To create an office worth the commute, you need to include a variety of environments. There are 4 main kinds of space you need in your office: collaborative, semi-collaborative, focussed, and breakout. Collaboration spaces are informal areas designed for working together in teams. Semi-collaborative spaces are also designed for team working, as well as allowing individual work when required. Focussed spaces are for solo deep work, free from distractions. Breakout spaces are retreat areas, designed for staff to relax and socialise.
Ensuring your office has plenty of variety will give your staff options, allowing them to work in the type of environment that best suits the task on hand. As a result, your office will provide something remote working can't, helping make your office worth the commute.
To attract your staff back to the office, you have to do more than make it less inconvenient for them. You have to create an environment and an experience that they cannot get working from home. As a result, they will consider your space worth the inconvenience and expense of the commute.
To do this, you may need to include several workspace amenities in your office. These are facilities and benefits associated with attending the office that encourage staff to attend the office. This is not about including fashionable but irrelevant perks. These amenities need to be valued by your staff, as well as having a real business benefit.
Several such benefits are becoming popular in our office design schemes. In-house gym and fitness facilities eliminate costs for staff, while also improving their health and wellbeing - indirectly improving their performance. Offering free refreshments will help eliminate one of the major costs staff associate with attending the office - food. Focussing on healthy options will also allow you to improve staff nutrition. Again, this will have a knock-on effect on staff performance. By adding well-designed, impactful amenities, you can create an experience that staff can't get at home, helping you create a space worth the commute.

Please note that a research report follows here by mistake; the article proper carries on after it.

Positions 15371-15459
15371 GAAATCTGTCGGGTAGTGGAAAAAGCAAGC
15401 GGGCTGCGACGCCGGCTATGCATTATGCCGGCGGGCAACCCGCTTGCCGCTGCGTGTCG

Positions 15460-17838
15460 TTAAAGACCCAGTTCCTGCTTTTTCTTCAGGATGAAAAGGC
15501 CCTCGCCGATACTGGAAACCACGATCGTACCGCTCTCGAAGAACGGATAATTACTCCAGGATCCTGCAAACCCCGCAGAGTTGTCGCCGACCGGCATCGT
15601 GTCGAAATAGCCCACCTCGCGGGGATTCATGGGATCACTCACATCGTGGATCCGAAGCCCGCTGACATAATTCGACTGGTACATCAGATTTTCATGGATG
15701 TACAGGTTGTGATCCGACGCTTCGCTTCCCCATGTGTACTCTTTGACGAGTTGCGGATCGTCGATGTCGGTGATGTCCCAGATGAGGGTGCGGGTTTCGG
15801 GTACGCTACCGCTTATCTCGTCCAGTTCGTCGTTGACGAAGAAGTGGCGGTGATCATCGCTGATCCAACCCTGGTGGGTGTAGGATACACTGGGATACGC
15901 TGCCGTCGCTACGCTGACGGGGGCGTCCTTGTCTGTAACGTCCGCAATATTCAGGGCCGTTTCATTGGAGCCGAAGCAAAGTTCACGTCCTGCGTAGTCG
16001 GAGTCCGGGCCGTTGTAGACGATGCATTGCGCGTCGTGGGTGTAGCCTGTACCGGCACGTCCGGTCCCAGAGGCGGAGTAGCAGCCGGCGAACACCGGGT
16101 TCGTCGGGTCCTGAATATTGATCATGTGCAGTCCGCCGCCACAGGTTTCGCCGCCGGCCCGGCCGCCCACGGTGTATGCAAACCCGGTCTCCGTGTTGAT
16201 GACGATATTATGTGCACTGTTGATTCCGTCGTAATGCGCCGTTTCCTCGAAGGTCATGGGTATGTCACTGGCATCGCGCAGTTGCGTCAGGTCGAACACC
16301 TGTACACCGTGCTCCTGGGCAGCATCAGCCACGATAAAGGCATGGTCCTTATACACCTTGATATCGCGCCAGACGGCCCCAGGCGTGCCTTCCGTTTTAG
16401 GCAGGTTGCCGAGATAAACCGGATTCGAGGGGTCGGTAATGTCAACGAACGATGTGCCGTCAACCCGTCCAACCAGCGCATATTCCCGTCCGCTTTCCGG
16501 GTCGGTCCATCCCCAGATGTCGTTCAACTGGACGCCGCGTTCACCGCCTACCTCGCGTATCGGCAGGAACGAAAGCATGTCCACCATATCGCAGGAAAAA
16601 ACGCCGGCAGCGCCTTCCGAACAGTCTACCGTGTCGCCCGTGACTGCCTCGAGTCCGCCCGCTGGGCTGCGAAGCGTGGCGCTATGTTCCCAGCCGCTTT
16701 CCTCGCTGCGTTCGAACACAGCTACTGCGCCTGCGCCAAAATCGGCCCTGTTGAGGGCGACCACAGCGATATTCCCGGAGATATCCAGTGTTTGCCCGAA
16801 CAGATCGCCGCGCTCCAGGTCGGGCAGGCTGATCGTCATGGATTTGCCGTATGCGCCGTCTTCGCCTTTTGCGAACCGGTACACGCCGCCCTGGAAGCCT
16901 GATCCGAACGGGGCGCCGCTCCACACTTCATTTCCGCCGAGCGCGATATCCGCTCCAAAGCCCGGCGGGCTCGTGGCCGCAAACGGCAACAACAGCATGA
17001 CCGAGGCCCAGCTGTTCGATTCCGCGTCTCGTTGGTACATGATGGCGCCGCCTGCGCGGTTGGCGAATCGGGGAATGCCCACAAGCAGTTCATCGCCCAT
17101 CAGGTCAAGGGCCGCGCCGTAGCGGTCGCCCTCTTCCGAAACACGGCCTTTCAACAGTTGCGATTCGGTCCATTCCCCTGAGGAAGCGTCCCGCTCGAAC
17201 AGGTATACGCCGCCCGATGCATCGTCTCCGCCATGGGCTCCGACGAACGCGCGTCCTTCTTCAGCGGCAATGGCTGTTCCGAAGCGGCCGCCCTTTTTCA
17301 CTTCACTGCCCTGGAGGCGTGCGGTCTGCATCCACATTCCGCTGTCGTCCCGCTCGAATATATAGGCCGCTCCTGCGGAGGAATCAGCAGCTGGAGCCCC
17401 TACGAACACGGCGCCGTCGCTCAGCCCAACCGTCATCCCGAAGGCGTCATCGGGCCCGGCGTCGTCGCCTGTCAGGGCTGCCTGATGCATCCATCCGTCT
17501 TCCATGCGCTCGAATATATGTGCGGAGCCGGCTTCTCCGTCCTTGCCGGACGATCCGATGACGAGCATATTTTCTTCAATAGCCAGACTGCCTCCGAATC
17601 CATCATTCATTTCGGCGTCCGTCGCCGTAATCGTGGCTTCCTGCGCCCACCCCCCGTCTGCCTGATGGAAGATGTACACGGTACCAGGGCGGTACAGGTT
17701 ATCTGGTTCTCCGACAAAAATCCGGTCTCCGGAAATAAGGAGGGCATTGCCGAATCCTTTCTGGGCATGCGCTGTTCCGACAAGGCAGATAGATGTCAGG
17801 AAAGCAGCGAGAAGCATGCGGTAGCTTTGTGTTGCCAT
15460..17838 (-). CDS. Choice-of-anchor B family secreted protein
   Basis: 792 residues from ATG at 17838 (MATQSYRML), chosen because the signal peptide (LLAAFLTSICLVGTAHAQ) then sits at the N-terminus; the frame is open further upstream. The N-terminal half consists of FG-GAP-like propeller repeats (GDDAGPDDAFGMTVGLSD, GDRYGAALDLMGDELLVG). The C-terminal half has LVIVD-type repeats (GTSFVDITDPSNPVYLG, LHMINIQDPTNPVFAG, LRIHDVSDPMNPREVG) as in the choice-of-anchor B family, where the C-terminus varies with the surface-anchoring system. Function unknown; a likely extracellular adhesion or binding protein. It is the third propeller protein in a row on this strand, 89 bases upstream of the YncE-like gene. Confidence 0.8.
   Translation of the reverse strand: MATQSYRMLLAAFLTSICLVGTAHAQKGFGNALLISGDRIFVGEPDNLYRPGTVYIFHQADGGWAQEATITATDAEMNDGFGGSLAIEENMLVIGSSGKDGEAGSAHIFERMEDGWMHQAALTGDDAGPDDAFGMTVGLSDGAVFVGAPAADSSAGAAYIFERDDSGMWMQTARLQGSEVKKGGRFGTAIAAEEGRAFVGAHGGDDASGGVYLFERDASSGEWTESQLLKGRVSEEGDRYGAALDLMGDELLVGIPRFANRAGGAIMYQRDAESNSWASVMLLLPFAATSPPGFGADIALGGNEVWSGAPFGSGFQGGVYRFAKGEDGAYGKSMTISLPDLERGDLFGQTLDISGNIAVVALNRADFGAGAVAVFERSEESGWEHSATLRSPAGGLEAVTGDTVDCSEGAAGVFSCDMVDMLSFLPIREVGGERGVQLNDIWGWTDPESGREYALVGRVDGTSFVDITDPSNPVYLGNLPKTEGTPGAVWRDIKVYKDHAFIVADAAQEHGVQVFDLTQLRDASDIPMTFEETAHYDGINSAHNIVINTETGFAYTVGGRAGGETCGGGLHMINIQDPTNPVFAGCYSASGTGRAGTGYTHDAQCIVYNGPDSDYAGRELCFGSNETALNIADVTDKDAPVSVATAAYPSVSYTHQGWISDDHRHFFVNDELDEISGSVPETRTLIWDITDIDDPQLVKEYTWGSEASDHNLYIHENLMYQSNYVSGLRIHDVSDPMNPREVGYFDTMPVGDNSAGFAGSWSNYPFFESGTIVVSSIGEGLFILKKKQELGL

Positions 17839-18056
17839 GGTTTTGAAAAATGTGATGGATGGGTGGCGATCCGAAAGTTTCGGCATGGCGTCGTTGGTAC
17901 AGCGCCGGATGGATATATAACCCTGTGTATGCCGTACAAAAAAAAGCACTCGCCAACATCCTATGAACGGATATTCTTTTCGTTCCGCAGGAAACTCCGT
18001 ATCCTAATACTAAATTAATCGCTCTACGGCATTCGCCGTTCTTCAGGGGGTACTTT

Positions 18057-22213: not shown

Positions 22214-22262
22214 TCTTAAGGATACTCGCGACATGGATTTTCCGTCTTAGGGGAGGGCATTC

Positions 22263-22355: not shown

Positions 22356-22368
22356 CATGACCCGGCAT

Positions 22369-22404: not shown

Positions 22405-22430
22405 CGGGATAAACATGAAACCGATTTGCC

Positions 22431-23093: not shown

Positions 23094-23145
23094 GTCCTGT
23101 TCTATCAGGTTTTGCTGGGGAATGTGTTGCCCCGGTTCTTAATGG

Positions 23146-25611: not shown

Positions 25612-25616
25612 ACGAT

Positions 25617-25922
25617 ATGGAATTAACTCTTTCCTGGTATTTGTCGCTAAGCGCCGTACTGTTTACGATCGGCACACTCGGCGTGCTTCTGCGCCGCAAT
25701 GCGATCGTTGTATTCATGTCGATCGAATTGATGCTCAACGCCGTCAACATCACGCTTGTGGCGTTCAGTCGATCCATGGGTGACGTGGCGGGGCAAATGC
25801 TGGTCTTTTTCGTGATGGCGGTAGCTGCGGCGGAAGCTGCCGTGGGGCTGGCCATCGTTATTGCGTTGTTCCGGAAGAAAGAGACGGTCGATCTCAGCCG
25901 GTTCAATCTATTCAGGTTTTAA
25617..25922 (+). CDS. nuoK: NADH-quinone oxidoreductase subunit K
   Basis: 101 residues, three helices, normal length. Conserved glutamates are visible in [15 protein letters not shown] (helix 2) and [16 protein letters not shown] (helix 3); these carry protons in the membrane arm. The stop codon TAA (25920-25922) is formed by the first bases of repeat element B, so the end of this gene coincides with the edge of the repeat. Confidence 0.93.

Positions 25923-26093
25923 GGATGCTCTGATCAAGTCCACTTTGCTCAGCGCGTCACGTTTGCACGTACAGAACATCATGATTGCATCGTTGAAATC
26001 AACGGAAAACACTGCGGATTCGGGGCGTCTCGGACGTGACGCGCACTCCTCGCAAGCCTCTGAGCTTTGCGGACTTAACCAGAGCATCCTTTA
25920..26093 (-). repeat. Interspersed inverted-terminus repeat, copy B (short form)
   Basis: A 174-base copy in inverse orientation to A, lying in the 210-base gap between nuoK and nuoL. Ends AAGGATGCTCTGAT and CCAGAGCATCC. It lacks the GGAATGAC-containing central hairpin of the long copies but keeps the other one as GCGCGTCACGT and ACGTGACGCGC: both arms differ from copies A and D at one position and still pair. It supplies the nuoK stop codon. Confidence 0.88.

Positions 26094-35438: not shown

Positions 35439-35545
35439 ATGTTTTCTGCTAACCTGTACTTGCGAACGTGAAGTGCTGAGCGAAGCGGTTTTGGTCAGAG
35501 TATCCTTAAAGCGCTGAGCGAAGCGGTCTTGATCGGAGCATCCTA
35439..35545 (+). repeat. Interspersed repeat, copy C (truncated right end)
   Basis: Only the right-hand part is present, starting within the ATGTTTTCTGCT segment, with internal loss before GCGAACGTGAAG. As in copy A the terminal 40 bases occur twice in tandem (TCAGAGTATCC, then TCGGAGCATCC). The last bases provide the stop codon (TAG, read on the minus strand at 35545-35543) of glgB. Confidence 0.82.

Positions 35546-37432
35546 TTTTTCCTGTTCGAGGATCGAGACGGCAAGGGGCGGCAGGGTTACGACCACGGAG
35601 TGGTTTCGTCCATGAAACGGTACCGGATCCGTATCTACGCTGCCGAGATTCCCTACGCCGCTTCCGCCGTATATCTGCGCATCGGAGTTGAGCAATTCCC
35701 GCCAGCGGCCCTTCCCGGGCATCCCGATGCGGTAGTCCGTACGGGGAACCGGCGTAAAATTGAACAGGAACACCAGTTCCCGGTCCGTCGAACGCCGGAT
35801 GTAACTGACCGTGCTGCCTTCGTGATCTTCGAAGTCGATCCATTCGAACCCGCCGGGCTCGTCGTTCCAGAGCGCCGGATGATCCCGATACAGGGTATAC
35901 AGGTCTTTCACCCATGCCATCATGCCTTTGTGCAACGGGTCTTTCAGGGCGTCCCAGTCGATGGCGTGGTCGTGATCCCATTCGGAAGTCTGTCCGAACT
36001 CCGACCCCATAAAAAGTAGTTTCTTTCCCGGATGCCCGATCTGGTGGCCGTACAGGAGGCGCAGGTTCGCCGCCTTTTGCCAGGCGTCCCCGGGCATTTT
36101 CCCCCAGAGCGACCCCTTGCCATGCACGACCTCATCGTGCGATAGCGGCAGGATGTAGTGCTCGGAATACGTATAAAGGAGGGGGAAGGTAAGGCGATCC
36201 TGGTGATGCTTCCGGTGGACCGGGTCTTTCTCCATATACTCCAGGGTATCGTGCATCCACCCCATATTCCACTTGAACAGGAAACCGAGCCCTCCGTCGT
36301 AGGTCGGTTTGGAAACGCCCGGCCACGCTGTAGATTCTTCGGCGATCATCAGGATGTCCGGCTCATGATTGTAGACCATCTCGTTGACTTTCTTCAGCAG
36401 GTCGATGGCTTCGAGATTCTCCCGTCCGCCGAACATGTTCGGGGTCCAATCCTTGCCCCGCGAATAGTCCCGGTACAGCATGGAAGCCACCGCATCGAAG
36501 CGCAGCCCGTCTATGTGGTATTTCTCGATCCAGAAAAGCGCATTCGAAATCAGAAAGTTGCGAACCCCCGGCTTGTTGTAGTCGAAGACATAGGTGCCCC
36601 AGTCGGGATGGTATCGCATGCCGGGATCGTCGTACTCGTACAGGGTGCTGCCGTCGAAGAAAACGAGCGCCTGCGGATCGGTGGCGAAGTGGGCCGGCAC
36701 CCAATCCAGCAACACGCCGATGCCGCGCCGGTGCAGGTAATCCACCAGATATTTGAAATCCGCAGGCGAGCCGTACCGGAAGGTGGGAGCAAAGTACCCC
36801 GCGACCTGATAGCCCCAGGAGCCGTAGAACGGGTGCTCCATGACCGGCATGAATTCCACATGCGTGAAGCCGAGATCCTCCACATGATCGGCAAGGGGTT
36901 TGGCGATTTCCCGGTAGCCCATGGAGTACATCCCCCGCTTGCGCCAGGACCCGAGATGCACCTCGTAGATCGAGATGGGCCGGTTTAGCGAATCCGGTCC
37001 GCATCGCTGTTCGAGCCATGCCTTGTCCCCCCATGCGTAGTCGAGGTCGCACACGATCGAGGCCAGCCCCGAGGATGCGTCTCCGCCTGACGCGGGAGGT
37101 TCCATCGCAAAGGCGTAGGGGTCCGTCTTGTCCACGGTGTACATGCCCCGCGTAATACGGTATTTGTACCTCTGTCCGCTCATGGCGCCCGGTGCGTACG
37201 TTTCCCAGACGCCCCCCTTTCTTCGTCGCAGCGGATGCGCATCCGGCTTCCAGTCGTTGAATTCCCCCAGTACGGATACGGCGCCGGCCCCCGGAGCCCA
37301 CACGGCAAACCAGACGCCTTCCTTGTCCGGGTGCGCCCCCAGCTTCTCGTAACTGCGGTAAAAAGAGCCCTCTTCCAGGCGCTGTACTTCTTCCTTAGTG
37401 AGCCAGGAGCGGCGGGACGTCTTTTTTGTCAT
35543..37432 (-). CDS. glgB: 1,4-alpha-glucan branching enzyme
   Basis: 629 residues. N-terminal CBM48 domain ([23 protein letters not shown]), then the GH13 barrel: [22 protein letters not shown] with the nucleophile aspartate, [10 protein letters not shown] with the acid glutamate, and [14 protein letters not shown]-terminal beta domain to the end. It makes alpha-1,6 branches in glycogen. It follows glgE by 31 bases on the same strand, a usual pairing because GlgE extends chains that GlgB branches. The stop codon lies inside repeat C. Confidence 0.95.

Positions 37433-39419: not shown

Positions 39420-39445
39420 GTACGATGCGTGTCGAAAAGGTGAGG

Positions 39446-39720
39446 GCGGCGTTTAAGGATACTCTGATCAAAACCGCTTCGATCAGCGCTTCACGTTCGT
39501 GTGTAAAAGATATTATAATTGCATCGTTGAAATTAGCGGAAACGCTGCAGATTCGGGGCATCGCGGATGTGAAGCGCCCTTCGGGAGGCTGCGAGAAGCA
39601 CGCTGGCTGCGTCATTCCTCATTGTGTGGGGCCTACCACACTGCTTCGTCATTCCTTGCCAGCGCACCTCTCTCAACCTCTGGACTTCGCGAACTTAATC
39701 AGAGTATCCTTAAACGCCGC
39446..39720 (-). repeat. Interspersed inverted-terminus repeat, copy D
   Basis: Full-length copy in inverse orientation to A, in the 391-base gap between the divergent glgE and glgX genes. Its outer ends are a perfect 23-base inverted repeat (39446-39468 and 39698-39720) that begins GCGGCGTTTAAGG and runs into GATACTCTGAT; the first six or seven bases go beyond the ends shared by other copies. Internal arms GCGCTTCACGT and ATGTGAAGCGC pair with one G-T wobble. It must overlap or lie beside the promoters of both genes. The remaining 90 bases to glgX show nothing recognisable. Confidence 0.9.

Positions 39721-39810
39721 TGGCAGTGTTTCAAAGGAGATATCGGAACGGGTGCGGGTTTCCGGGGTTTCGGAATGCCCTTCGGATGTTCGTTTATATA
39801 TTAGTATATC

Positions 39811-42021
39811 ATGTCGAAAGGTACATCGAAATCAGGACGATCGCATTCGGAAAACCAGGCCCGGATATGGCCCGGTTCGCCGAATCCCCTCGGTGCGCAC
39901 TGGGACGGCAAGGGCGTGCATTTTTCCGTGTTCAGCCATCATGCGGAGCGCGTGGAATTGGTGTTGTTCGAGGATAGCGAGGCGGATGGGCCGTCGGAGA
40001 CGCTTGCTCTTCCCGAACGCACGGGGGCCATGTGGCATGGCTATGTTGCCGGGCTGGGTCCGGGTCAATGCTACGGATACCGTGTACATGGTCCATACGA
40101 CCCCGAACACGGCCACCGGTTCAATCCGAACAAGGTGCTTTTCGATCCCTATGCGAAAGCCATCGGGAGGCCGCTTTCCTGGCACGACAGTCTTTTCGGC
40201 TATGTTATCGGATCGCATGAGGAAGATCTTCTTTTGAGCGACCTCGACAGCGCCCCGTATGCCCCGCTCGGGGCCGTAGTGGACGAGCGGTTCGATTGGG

Improving the Commute
Another important part of creating an office worth the commute is making the commute itself less unpleasant for your people. You might not think it's your responsibility, but it is a good value way to help get your staff back to the office. One option would be to subsidise commuting costs for your staff. You could also look at incentivising and facilitating active travel by installing bike racks and showers.
Another option would be to consider hybrid working options. Staff could work 2 or 3 days in the office to reduce the cost and time of commuting. This would allow them to spend time on focussed work at home, while still getting most of the benefits of home working. Alternatively, you could allow them to change their working hours so they could commute at off-peak times. Implementing such schemes will show your people that you are committed to getting your people back to the office, and are considering their needs.
Making Your Office Worth the Commute
The commute is one of the major reasons why staff are reluctant to return to the office. If you want to get your people back to the office, then overcoming this stumbling block of your staff is crucial. There are 3 crucial parts to this: making the commute less unpleasant, making the workspace itself better, and creating a workspace experience they can't get remotely.
We've shared with you the 5 most important considerations from our process when helping companies like yours create a workspace worth the commute. Now you know these, you're able to assess your workspace to see if it is worth the commute for your staff. If not, you know what you need to do about it.
To learn more about getting your staff back to the office, read How to Plan Your Return to The Office and How to Get Your People Back to The Office Without Harming Talent Attraction & Retention.
For the full breakdown of returning to the workspace, download your 10 Steps to Return to The Office Guide. There, we'll walk you through the 10-step process we use to help our clients get their staff back to the office. This will cover everything, from deciding if you should return and why, all the way through the different stages of planning and implementation. Download your Return to The Office Guide here.